When I sat down to write this I was distracted by the cricket. What I was really going to write about to today was Purple Day! Today is international epilepsy awareness day. Epilepsy makes the brain fire off in all directions, leading to fits and seizures. My little nephew Joey succumbed just after his third birthday with a particularly nasty form of the disease, the Doose syndrome, which is resistant to medication. He was having twenty or more seizures a day. These involved sudden “drops” or “flops” to the floor. He’d be conscious again immediately, and sometimes crying because on the way down he might have hit something hard like the edge of a coffee table or a concrete birdbath. So he took to wearing a blue helmet. At the end of 2013, a few months after Dad died, things got so bad that he

Joey with Hazel the therapy dog.

Joey with Hazel the therapy dog.

ended up in Sydney Children’s hospital for a long stretch. I remember going to see him there when he was visited by Hazel the therapy dog. I also went upstairs with him and Deb for one of his brain tests. His little scalp had electrodes taped all over it. And he was well and truly over it. Sick of all this crap going on. The good news is that a few weeks later, the seizures had stopped. He got all the way through last year, his first year at school, seizure free! Did the medication combo finally hit the right spot? Had he simply grown out of it? Nobody really knows. Today, in honour of Joey, I’ve purpled up my Facebook profile picture and I’m writing these paragraphs in this blog.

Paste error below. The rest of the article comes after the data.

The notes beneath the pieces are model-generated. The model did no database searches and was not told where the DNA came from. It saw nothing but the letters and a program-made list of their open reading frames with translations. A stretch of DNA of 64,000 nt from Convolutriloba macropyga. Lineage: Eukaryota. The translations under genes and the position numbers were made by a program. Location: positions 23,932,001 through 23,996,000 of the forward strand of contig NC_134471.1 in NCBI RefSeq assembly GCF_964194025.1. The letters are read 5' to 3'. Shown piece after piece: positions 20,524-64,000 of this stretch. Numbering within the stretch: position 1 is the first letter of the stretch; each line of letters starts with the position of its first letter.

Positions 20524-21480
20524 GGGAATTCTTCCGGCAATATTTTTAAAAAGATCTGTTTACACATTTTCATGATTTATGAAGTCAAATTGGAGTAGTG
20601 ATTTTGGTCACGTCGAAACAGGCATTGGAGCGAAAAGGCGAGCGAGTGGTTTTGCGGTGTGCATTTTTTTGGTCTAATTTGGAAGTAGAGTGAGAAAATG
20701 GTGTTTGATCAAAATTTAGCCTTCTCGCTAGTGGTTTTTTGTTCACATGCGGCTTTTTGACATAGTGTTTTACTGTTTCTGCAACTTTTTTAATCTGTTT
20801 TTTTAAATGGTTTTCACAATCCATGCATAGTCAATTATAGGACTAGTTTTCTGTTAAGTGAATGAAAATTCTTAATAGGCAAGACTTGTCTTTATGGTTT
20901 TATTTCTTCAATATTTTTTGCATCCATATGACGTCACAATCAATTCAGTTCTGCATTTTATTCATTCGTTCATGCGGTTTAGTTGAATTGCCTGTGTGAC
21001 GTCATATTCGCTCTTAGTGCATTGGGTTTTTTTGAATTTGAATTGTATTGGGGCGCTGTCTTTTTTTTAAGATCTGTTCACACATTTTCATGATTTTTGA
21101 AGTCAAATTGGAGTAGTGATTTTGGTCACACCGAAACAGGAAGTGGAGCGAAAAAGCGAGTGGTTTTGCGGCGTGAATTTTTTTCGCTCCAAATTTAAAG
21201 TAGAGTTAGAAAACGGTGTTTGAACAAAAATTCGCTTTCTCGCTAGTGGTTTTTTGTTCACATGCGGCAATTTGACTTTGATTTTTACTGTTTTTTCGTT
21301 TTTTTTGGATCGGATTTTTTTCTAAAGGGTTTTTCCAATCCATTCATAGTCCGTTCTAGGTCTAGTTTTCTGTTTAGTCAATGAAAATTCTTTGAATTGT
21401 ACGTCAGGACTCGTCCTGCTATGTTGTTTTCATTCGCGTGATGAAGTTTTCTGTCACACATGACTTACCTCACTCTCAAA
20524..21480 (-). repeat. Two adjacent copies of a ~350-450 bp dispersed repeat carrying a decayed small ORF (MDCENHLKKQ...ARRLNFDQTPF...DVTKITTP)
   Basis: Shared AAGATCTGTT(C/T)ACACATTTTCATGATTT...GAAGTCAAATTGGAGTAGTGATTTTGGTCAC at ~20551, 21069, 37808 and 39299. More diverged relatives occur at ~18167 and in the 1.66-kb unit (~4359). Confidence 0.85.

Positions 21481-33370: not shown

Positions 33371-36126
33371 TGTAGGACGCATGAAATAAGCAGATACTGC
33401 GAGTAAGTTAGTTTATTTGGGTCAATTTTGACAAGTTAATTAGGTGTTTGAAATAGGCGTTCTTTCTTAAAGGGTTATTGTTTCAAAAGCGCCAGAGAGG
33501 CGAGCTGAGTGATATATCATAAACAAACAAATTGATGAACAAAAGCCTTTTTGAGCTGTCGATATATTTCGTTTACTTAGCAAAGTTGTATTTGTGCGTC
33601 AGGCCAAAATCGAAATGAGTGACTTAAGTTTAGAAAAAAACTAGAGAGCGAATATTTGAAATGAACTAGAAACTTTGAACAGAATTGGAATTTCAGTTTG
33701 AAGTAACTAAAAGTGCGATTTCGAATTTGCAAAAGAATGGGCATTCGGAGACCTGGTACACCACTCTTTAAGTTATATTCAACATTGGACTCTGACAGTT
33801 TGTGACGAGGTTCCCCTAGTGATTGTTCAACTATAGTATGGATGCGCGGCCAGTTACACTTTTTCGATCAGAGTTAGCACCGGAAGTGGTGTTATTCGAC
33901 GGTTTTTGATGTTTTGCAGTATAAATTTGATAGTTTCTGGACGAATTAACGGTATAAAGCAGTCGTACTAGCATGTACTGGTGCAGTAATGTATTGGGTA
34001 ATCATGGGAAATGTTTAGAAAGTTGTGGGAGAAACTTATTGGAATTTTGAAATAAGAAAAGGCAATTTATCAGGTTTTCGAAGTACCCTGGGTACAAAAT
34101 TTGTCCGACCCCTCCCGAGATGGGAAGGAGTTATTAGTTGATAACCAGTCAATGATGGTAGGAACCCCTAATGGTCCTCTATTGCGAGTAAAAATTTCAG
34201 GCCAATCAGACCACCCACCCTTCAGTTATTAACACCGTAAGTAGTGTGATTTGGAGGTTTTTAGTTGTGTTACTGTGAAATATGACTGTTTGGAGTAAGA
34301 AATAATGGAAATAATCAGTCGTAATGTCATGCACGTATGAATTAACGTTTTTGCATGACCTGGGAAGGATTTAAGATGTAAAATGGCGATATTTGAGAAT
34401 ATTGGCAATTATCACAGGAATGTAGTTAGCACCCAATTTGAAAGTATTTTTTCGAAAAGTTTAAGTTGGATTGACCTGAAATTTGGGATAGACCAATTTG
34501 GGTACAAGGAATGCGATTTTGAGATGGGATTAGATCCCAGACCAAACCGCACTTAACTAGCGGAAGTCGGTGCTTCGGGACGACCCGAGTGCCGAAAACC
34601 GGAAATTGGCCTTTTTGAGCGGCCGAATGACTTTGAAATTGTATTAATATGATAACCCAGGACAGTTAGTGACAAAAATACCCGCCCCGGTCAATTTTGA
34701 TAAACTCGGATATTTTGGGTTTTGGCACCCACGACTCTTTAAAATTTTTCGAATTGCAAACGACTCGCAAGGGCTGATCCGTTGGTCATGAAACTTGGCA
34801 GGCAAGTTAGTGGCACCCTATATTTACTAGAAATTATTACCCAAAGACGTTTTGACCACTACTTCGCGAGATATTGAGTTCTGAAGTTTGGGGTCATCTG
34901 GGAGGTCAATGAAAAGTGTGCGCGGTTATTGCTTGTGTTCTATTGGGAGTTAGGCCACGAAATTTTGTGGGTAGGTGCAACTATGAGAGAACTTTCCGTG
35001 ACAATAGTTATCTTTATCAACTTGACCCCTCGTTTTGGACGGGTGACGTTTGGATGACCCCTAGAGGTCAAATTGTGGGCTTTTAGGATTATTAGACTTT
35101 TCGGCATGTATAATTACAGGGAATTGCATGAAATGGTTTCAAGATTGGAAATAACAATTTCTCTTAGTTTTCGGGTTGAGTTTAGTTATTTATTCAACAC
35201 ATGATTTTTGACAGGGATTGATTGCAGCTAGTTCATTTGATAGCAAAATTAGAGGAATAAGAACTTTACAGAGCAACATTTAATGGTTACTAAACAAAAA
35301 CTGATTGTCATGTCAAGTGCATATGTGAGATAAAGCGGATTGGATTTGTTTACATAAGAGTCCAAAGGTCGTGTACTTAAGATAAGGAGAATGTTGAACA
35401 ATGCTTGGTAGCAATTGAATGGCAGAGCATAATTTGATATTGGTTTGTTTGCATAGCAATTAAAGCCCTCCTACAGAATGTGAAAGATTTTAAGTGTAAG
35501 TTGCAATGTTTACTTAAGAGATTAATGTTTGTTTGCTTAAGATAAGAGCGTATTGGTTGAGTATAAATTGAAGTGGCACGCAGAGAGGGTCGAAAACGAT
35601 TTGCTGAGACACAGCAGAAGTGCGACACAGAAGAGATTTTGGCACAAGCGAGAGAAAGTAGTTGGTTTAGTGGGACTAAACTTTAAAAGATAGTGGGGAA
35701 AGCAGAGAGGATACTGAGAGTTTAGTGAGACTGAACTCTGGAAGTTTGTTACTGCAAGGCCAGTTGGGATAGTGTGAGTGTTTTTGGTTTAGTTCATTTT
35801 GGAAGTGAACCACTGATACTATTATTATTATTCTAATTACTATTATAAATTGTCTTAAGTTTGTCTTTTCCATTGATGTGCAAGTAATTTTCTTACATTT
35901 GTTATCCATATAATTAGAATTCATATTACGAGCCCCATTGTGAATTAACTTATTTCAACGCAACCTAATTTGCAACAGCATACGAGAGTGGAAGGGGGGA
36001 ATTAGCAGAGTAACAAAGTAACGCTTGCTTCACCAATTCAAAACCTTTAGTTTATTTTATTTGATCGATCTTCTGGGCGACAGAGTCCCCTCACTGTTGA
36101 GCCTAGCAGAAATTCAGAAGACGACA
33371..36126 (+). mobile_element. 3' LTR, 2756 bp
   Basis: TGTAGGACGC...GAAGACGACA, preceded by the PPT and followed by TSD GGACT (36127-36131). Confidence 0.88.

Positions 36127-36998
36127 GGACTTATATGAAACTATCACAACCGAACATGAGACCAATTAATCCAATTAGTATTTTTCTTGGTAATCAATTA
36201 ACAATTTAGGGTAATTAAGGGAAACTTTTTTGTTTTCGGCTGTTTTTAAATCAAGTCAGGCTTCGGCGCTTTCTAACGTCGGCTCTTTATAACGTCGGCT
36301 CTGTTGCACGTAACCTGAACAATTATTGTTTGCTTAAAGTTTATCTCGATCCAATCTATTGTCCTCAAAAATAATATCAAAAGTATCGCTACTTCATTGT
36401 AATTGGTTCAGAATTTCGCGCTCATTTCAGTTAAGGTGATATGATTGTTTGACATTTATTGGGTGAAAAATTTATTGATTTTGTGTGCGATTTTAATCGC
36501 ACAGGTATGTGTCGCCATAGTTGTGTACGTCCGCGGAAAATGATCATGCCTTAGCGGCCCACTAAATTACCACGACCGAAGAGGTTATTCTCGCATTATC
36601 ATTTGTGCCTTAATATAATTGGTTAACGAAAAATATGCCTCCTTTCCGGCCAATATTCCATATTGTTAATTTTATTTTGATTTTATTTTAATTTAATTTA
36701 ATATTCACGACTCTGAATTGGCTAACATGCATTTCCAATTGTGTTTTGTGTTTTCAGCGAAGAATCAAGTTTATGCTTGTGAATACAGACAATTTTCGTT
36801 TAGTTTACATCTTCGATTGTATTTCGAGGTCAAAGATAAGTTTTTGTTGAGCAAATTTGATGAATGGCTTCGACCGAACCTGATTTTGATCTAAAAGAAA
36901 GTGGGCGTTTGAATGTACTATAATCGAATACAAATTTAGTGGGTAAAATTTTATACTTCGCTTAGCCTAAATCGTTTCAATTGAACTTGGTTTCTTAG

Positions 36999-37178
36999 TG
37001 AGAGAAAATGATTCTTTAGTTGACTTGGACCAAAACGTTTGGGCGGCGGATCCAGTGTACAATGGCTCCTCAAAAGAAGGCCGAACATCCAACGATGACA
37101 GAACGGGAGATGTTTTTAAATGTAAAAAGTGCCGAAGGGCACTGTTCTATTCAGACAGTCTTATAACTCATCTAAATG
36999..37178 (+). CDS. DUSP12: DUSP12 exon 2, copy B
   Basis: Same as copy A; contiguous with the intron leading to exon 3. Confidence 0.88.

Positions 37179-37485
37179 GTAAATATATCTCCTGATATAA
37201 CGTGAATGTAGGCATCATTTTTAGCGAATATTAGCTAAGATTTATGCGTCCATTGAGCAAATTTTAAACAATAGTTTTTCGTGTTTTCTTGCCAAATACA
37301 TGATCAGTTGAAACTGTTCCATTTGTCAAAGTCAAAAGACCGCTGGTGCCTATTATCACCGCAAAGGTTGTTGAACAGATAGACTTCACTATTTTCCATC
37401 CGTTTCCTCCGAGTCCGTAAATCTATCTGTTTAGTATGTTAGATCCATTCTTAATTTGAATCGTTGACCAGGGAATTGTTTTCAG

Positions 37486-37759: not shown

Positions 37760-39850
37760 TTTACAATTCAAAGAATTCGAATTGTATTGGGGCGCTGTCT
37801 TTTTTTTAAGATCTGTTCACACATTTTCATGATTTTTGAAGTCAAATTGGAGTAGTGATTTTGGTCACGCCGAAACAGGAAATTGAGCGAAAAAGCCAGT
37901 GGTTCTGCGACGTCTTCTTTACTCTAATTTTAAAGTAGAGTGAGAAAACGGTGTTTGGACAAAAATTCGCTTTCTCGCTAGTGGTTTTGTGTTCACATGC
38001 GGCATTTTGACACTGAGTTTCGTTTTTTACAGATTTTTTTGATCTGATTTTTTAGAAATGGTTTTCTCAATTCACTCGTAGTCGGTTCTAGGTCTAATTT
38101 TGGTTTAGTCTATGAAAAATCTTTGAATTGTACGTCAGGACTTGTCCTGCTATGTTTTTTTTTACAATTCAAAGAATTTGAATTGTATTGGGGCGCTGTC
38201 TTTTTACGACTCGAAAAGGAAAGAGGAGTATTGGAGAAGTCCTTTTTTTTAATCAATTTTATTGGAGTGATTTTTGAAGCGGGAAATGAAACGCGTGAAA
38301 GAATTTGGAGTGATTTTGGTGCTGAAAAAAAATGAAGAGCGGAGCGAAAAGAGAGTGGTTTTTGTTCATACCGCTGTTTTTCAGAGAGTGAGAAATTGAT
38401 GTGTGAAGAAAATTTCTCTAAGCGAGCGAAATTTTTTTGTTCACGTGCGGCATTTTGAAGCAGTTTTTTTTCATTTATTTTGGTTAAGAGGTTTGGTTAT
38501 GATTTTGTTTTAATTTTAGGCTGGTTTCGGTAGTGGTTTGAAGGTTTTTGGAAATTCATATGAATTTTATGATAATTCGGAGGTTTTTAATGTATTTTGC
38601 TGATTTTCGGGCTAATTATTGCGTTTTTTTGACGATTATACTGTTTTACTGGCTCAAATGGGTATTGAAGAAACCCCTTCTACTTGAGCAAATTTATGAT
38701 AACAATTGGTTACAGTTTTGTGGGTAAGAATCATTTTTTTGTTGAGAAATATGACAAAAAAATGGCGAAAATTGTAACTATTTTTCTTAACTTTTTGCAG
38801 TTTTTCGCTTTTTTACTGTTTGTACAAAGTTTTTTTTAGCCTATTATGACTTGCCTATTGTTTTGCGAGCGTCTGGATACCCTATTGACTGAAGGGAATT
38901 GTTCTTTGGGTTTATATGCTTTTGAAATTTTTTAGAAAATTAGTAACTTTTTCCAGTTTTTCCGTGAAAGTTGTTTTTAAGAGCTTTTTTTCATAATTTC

Meanwhile, at the end of 2013, I wasn’t feeling that crash-hot myself. It turned out to be primary peritoneal cancer, a variation on ovarian cancer, explored at great length here in this blog. The awareness ribbon for this is teal. Shortly before that, Mum got in on the illness act with a spot of bowel cancer, which thankfully was removed all in one go in one operation, and she didn’t have to have chemo or any further treatments. Now, what colour is the awareness ribbon for bowel cancer? Could it be …. brown? Surely not. Must Google it. Back in a moment.

Wow. There are a lot of awareness ribbons. I guess there’s a lot to be aware of. “Use the search box to find your illness or cause”. Okay. Looks like blue or periwinkle covers the bowel. But using the search term “colon” does in fact bring up a brown ribbon! Speaking of bowel cancer, an ex boyfriend has been diagnosed with it, and is in for a long and involved treatment regime. Thinking of you (while not breaking your anonymity here!)


After Deb got breast cancer (pink ribbon, everyone knows that) and Joey started having seizures and Dad died of pulmonary fibrosis and Mum got bowel cancer and before I was diagnosed with ovarian cancer, Deb did say, at one point, “What were we in a past life? Axe murderers?” We don’t subscribe to deserved illness theory any more than we subscribe to the deserved good fortune theory. But there are moments that make you wonder. Anyway, we’ve almost got a rainbow of ribbons, just in one family, and all just in the past few years. Before that we’d had a very good run.


Which brings me, finally, to the green ribbon, or should I say Greens ribbon, that I’ll be wearing on Saturday, the day of the New South Wales state election. I’m not a member, but I’m happy to support the local candidate, Tracey Carpenter, who has been running a very serious and successful campaign. It’s actually not that hard being green, if you’re able to steel yourself against the waves of warmings and extinctions, fracking and fossil fuel-burning. I’ve been doing a spot of handing out how to vote cards at the pre-polling booth in Bathurst. A couple of weeks ago I went along with Tracey when she drove up to Rylstone in the north of the Bathurst electorate to meet and greet at the annual Rylstone-Kandos show. With iPhone in hand, I spontaneously decided to record her talking about her policies, as she drove. Here it is:


Living in a tiny house